Macmath: The Silent Page, at The Caves on 30 April, celebrates the largely forgotten work of Galloway-born ballad collector William Macmath with an impressive line-up of musicians and singers from the Dumfries and Galloway area – Emily Smith, Robyn Stapleton, Aaron Jones, Wendy Stewart, Claire Mann, Alison Burns and Jamie MacLennan, as well as poet Tom Pow as narrator.
Macmath was the Scottish collector for the Harvard-based Professor Francis Child, whose English and Scottish Popular Ballads, published during the latter part of the 19th century, is a touchstone for folk singers and researchers. Macmath, who died in 1922, has faded into obscurity, even though his contributions to Child’s volumes were consistently the best researched.
The Silent Page is a bid to set the record straight. Commissioned for last year’s Dumfries & Galloway Arts Festival, it is the brainchild of the Castle Douglas-based composer, songwriter and community choir leader Alison Burns, who was shown Macmath’s two volumes of handwritten manuscripts in the archives of Broughton House in Kirkcudbright. Now in the care of the National Trust for Scotland, the handsome Georgian house was the home of the painter Edward Atkinson Hornel, the Kirkcudbright-born “Glasgow Boy”, who was an industrious collector of local literature, poetry and folklore.
Macmath grew up at Airds of Kells, by Loch Kens, before becoming a legal clerk and, after a brief spell in Castle Douglas, spent most of his life in Edinburgh, where Hornel acquired his manuscripts at auction.
Macmath, Burns agrees, seems to have been a “ballad obsessive”.
“Both his mother and aunt were exceptional singers and carriers of songs, so they handed songs down to him, as did a lot of people who came through the house.”
So Macmath was already steeped in balladry when he saw an advertisement which Child had placed in the scholarly journal Notes and Queries, asking people in Britain to send him any ballads they knew. Macmath responded and essentially collected for Child for the next 30 years. While credited for his labours, the feeling today is that the sheer volume of meticulous research he carried out was never properly acknowledged, and his reputation allowed to fade. “Even when I started talking to well-known musicians about joining this project, none of them had heard of him.”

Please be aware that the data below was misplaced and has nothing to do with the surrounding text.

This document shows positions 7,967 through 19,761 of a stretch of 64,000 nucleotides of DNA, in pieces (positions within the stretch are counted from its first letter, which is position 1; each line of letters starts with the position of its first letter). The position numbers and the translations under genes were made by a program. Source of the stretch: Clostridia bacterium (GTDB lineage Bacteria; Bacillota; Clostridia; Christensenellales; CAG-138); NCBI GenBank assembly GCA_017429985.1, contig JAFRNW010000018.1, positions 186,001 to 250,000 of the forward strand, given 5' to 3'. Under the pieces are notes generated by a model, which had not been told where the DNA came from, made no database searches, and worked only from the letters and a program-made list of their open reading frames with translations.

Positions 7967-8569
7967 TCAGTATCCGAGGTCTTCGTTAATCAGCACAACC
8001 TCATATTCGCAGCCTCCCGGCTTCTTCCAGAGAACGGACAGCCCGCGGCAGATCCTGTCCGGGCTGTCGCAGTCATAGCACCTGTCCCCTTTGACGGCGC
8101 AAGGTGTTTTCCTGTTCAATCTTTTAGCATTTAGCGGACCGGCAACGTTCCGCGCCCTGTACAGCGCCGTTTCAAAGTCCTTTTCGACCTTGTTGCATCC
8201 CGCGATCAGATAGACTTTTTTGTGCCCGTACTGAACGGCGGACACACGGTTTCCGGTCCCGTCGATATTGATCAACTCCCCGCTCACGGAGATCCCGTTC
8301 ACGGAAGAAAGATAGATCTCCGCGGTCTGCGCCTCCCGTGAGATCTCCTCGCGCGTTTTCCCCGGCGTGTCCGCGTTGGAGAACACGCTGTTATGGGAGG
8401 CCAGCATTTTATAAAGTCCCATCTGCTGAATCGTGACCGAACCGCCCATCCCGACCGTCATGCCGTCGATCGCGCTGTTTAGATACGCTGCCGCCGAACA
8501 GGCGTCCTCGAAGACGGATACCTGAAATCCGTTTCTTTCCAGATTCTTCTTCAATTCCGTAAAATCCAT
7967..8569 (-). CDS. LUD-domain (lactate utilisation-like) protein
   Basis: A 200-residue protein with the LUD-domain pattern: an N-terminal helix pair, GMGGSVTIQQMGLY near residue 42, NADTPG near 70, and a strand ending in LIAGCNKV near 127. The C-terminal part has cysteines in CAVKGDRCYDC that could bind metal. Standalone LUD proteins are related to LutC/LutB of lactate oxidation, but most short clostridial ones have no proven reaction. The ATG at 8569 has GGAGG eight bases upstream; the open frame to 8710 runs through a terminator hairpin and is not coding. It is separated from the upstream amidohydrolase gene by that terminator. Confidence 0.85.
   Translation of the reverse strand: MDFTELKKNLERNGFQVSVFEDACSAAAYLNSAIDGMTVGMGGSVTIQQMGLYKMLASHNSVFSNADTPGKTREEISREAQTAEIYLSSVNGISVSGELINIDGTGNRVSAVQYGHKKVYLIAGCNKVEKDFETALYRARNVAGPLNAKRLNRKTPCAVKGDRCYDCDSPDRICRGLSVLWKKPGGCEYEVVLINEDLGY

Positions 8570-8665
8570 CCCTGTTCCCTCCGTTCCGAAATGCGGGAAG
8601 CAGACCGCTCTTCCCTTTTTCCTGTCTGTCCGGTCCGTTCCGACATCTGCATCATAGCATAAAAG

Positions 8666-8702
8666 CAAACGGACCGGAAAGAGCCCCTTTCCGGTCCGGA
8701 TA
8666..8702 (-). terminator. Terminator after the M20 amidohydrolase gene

Burns and company decided to home in on material he had gleaned from his own area. “Some of these songs are just stunning,” says Burns. They include a unique local version of the Tam Lin ballad called The Queen of the Fairies and what Burns describes as “an amazing version of The Twa Corbies”.
Collected in the Victorian manner, usually with only the words being recorded, the project is at last freeing them from that mute page. As renowned Scots singers and researchers Alison McMorland and Geordie McIntyre, recruited as consultants to the project, have pointed out: “Songs, be they in print or MSS, are essentially in shackles and can only be set free when sung.”
The Silent Page concert will see the launch of a similarly titled album, while Macmath’s work will also be the subject of one of a “Treasure Troves of Scottish Tradition” series of talks at the National library of Scotland on 4 May.
There is, of course, much more to this year’s TradFest, Edinburgh’s annual showcase of traditional arts and culture. Its numerous venues will host such notable performers as Nordic Fiddlers Bloc, Griogair Labhruidh’s Ghettocroft, Gerda Stevenson, Moishe’s Bagel, Dàimh, Nuala Kennedy, Mairi Campbell’s Pulse show and much more, with ceilidhs, lectures, walks and sessions including children’s events.
Songs will take flight, silent pages left far behind.
• TradFest is at various venues in Edinburgh from 17 April until 8 May. For full listings and tickets details, visit www.tracscotland.org/festivals/tradfest